Still in the planning stages, the program, called “InTech,” would be an arm of East Valley High School, and discussions are underway to use the Walker Center on Sullivan Road. Talbert said there would be 125 to 150 slots available in the program, and students would need to apply. If more apply than there are slots available, students would be selected by lottery.
Darsi Bankey, who teaches in the district’s teen parent program, said InTech would include a connection piece that fosters a relationship between the student with other students, teachers, parents and the community.
The group of teachers, Bankey, Talbert, Kurt Krauth (math and social studies), Stephanie Etter (French and online credit recovery), Justin Becker (special education), and Amy Tellinghusen (work-based learning), have been collaborating since September on the program.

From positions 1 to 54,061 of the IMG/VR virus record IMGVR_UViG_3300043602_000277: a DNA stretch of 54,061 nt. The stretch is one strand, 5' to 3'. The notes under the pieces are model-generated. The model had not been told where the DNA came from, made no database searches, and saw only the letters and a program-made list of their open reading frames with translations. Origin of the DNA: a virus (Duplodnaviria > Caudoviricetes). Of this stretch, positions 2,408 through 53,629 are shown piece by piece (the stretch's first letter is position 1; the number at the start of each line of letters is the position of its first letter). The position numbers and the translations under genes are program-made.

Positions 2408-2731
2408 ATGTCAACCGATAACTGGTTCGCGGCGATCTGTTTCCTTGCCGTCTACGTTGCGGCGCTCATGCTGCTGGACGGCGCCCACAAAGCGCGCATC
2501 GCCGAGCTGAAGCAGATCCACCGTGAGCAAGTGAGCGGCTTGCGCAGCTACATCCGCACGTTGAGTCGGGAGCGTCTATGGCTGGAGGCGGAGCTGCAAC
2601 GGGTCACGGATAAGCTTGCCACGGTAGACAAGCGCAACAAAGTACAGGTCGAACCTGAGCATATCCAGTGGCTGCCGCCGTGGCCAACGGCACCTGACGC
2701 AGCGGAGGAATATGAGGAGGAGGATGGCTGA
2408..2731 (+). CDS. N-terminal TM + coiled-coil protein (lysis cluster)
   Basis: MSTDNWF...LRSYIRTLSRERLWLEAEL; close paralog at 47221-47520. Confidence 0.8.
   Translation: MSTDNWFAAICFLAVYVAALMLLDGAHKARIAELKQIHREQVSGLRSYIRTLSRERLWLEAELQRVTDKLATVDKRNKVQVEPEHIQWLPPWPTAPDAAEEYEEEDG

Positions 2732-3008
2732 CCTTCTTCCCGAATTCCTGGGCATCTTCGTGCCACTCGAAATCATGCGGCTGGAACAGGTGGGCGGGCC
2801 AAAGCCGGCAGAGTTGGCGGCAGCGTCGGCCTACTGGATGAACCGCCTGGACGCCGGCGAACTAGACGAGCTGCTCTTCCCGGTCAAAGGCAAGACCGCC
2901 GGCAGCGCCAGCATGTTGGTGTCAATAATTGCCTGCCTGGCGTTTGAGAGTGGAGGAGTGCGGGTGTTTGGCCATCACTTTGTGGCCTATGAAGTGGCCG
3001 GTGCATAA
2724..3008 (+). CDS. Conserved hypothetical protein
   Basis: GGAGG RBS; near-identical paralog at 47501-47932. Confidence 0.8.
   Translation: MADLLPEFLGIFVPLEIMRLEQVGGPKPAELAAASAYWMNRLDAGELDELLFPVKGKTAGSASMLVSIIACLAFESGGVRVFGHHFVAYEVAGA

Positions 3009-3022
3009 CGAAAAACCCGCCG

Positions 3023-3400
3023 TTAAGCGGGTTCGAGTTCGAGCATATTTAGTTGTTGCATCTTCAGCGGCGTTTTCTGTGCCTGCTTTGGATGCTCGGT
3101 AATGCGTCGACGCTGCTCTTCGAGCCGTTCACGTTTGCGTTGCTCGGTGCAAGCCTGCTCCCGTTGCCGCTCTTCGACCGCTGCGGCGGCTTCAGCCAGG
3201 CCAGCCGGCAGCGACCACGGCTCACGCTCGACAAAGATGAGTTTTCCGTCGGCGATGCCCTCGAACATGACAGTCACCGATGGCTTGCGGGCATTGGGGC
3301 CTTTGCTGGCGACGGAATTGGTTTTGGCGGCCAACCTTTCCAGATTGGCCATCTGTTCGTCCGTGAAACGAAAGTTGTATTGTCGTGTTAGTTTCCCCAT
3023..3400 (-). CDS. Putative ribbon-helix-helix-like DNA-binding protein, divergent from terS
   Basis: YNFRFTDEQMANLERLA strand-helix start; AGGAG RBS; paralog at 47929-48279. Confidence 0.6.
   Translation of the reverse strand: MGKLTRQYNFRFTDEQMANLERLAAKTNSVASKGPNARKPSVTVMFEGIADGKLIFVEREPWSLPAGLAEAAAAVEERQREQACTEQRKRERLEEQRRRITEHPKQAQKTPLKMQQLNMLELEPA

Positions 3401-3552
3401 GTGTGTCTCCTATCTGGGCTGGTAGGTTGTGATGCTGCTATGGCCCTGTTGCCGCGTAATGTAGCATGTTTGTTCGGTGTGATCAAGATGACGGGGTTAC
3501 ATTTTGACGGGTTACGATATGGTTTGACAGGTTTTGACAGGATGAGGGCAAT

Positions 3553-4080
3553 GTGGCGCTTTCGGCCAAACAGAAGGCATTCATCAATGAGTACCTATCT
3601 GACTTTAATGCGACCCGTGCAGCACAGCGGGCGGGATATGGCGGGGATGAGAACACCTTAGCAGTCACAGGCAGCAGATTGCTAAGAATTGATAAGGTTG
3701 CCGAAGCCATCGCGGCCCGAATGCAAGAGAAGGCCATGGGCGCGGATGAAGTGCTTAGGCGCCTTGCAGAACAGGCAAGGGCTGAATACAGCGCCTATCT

Krauth said they were asked last year if they were interested in doing school in a different way. Talbert said they were put in a room together and started talking.
The group said they aren’t hoping to appeal to any certain group of students. They wanted to focus on the grade level, rather than the ability level.
“It’s for all types of personalities,” she said.
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